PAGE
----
Has Donaldson Failed Welsh Education - Socpie.uk

    Pasi Shalberg, the respected Finnish Educationalist, has referred to Pisa as a virus. The 2018 Pisa results illustrated that Michael Gove's attempts to radically reform the English educational system to become a top ranking Pisa  was not achieved. There has now been a strong attack on the Scottish Government about its perceived unsatisfactory 2018 Pisa rankings, but there are concerns arising from the Scottish inspectorate about the quality of schooling in Scotland also.

          The Welsh Government, who is about to implement it's version of the Scottish "Curriculum for Excellence" has claimed it wants
 to create world class teaching standards, but this may not necessarily translate into world class levels of attainment. The two are not the same.  This is because the learning of potential of children is not equal and  socio-economic status remains the most reliable predictor of children's attainment across the world.

           There are increasing concerns that has arisen about the reliability of the Pisa assessments as has been argued on this website and on hgunn.uk. The Pisa results are essentially a lottery. Officially there is no separate Pisa score for Wales, Scotland, Northern Ireland or England. The recent Covid examinations fiasco illustrate that 'black box' alogrithms can have unknown anolomlies embedded in them.

           B.B.C. Scotland contends that the problem in Scotland is that the Scottish Government does not want to be an average Pisa country. The evidence is that education remains a political football in Scotland. Pisa estimated average scores are marked to 1,000th of a degree. A Pisa point. The variation of the Scottish results is 1%. 1 point out of 100. Some of wordings and political attacks about the Scottish Pisa results are more than ridicolous.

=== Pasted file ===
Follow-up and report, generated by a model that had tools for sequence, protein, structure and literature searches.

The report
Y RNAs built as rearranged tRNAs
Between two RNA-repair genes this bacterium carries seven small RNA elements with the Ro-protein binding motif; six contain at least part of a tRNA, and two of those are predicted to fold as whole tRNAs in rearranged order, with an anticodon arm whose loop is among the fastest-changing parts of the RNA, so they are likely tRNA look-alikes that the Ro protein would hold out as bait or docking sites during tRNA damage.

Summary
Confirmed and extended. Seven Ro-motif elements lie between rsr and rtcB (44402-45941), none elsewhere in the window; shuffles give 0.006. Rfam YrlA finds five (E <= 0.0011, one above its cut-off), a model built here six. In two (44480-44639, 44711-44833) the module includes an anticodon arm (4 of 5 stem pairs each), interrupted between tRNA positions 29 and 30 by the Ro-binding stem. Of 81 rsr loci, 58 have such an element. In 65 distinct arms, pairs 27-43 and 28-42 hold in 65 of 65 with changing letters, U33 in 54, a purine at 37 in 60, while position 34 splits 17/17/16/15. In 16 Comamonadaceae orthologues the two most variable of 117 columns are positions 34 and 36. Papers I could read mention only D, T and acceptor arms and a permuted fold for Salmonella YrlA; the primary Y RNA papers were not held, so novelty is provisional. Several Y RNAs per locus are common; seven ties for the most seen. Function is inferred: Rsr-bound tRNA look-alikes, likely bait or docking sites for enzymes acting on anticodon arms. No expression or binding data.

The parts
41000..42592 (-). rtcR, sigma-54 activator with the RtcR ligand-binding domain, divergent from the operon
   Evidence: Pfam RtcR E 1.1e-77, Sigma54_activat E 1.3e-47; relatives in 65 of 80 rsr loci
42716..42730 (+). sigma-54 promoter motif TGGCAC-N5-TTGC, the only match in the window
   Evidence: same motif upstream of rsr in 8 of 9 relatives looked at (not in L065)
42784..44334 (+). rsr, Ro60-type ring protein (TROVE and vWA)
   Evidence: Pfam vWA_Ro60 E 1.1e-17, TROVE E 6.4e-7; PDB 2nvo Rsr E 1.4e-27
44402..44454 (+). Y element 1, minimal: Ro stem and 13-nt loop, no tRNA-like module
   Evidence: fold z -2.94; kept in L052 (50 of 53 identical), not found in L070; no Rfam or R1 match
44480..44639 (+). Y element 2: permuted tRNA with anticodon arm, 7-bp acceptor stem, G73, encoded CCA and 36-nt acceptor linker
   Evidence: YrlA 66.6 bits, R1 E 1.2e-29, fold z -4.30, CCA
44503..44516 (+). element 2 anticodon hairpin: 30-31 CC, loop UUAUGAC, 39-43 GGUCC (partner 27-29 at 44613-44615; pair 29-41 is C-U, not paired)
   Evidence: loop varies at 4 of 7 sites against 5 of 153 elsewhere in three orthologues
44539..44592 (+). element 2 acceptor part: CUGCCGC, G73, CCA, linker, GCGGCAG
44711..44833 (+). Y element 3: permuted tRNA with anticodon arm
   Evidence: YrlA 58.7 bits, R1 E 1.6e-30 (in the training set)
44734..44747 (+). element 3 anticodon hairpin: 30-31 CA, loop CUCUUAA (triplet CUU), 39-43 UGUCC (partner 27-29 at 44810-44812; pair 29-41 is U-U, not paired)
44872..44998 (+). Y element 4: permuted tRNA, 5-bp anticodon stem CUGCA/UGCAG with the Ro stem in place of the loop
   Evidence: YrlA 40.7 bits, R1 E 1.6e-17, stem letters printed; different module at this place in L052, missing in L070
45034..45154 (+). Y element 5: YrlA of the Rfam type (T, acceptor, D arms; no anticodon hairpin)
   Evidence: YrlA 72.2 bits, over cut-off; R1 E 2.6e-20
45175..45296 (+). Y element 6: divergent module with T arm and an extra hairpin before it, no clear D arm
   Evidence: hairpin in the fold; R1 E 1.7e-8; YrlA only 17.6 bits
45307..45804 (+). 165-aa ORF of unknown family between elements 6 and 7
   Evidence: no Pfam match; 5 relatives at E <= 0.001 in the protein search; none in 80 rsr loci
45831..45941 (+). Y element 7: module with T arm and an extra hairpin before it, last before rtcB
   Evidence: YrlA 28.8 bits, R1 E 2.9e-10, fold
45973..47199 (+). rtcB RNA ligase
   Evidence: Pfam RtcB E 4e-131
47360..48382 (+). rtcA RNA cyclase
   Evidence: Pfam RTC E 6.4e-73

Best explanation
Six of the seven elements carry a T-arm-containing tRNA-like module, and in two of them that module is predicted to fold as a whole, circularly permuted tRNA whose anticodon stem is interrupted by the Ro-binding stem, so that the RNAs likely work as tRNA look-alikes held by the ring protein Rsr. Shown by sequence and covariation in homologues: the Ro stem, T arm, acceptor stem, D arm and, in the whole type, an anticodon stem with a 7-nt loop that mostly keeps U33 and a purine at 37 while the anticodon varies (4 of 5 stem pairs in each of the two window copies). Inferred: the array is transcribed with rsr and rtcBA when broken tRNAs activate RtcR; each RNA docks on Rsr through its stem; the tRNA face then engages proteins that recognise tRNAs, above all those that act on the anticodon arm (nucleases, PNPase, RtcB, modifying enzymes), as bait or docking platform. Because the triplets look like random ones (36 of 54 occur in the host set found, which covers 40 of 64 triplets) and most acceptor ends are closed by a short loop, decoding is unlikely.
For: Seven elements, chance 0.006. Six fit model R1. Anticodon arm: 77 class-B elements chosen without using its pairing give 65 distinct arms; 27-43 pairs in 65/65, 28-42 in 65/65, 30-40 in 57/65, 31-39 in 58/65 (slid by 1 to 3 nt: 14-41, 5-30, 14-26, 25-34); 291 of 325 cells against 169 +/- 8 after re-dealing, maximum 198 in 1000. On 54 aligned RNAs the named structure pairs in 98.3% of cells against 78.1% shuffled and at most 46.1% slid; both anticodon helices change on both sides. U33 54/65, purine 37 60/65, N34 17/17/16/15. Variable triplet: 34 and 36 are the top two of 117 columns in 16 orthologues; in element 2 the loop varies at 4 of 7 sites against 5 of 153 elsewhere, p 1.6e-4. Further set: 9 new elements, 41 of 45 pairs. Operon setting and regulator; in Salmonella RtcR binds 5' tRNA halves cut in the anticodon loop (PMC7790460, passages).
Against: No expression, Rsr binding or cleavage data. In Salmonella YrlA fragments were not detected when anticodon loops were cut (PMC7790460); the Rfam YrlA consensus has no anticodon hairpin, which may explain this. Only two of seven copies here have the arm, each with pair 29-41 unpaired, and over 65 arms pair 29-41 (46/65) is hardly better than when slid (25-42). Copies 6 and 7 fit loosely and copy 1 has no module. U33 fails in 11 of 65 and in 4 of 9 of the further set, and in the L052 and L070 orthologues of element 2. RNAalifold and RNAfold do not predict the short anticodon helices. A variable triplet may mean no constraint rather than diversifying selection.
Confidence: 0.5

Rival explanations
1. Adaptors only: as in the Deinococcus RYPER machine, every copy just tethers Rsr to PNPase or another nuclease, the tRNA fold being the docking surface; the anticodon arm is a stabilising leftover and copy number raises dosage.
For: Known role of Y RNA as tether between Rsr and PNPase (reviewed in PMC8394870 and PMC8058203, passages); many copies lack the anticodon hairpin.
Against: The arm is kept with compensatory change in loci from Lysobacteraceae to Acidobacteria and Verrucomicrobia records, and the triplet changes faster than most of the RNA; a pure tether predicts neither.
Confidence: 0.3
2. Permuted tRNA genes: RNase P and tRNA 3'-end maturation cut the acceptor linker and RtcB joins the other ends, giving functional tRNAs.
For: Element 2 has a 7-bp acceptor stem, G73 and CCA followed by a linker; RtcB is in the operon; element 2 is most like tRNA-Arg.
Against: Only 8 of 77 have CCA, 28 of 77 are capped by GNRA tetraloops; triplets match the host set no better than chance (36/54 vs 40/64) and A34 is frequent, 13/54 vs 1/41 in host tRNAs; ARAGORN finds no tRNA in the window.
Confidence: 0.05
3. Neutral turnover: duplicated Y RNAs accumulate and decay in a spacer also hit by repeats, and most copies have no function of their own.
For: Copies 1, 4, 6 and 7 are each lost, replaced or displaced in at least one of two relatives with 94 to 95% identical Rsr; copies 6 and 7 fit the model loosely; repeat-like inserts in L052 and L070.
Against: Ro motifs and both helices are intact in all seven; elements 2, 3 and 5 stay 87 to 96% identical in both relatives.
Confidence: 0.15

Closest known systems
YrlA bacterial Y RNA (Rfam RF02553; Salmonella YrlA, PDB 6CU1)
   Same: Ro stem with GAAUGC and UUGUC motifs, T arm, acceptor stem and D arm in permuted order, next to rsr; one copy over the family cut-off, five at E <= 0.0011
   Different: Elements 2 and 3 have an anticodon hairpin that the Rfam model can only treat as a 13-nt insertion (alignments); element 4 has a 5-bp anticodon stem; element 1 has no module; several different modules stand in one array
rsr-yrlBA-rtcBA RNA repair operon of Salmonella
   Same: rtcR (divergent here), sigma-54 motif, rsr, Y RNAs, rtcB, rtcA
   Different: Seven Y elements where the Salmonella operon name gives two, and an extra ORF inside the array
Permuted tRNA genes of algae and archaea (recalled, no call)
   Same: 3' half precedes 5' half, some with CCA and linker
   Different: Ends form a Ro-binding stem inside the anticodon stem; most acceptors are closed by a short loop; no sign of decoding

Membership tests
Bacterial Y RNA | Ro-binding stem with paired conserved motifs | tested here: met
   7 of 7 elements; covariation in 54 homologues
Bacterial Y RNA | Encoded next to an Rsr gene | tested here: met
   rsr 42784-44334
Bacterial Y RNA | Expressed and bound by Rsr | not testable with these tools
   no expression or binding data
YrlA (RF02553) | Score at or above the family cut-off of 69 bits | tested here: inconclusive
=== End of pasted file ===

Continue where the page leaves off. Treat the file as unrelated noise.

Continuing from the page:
John Sweeny Scottish Education Minister is now claiming he wants Scotland to reflect Finish education. Many countries, however, over the last decade have considered Finnish education. Pasi Shalberg explains that there are a whole range of reason why the Finish model cannot be transferred to other countries.

     Dylan Wiliam, who lectures on education across the world, has quoted  Pasi Salberg as claiming the reason why Finland's children do so well is that Finnish is a regular language to learn to read in and that the Finnish are avid readers.  English is an irregular language and one of the most difficult to learn in the world. This why around 10% of the population has dyslexia.

       Sue Garthercole of the Cambridge Institute of the Brain, which specialises on researching children' learning difficulties needs, has contended that there is no 'magic bullet' solution to resolving these children's learning difficulties. This is why politicians are constantly seeking to find to avoid the Pisa criticisms. There is no evidence it exists.